NZ envoy to China reaffirms support for Belt and Road Initiative
John McKinnon, Ambassador of New Zealand to China [Photo provided by New Zealand Embassy in Beijing]
The first Belt and Road Forum for International Cooperation concluded in Beijing on Monday with a broader consensus reached among China and participating countries and organizations.
In an Interview with China Radio International, New Zealand's Ambassador to China, Mr. John McKinnon, reaffirmed his country's support for the Belt and Road Initiative and against the rise of anti-globalism and protectionism.
McKinnon said he believes the Belt and Road Forum brings opportunities, coordination and cooperation among a variety of country and regions, including New Zealand. "It is an important occasion for New Zealand to meet other countries, to hear widespread views and to follow up our responsibilities on certain area," said McKinnon.
With a perceived growing tendency towards anti-globalization and protectionism within a number of countries, McKinnon says the government of New Zealand believes the "Belt and Road Initiative creates "moves towards international liberal trading order, toward anti-protectionism and globalization".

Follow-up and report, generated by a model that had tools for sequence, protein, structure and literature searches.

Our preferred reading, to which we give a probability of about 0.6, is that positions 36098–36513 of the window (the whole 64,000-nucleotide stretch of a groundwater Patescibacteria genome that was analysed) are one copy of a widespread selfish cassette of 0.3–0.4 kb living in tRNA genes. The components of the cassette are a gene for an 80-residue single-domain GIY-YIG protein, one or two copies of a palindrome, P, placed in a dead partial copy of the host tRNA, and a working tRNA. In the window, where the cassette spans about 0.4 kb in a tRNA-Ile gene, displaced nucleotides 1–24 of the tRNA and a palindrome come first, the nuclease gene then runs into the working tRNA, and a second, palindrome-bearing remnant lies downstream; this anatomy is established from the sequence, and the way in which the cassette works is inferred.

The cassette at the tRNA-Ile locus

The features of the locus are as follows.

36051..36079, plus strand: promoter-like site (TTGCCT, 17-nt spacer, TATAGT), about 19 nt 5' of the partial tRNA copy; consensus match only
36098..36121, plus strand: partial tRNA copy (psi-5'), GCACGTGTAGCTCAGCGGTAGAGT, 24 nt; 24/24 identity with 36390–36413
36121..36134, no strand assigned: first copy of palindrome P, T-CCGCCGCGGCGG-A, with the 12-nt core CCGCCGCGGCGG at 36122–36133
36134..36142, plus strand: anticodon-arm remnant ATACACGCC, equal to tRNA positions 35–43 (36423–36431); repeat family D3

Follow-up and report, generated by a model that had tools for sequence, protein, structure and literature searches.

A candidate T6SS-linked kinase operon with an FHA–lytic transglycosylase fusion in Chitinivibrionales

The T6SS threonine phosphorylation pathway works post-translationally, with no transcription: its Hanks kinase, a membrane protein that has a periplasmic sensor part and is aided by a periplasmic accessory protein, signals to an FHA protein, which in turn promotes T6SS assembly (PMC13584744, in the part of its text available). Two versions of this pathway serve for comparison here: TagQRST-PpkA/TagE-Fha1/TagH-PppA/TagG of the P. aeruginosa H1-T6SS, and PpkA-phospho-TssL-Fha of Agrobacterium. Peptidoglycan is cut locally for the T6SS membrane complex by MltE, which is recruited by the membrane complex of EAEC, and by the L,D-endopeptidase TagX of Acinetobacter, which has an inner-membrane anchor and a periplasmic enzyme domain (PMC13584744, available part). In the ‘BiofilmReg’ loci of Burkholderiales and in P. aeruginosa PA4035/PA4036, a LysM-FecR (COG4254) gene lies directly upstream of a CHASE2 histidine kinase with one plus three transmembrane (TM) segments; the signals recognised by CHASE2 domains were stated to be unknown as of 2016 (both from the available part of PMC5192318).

New Zealand was one of the first industrialized countries to openly support the Belt and Road Initiative. New Zealand already has a leading role in working with China among the advanced economies. New Zealand was one of the first developed countries to launch plans to upgrade its existing FTA agreement, as well as one of the first to fully acknowledge China's full market economy status. New Zealand is also a founding member of the Asian Infrastructure Investment Bank.
"Our country is not large economy. We make policy decision more straight forward which allows us to respond more rapidly than others to new development and new initiative. Becoming a founder member of the AIIB has reflected the approach that we treat the Belt and Road Initiative, because New Zealand can see the values and opportunities and ways to broadening cooperation and coordination among the great variety of countries" said McKinnon.
2017 marks the 45th anniversary of the establishment of diplomatic ties between China and New Zealand. "Our relationship has moved a long way since 1972. And particularly since 2008 when we signed the Free Trade Agreement, China has become one of New Zealand's leading political and economic partners," said McKinnon.
McKinnon also noted that Premier Li Keqiang's visit to New Zealand in March, 2017 saw the two sides launch a number of new programs and projects. More are expected to be signed through the Belt and Road Initiative.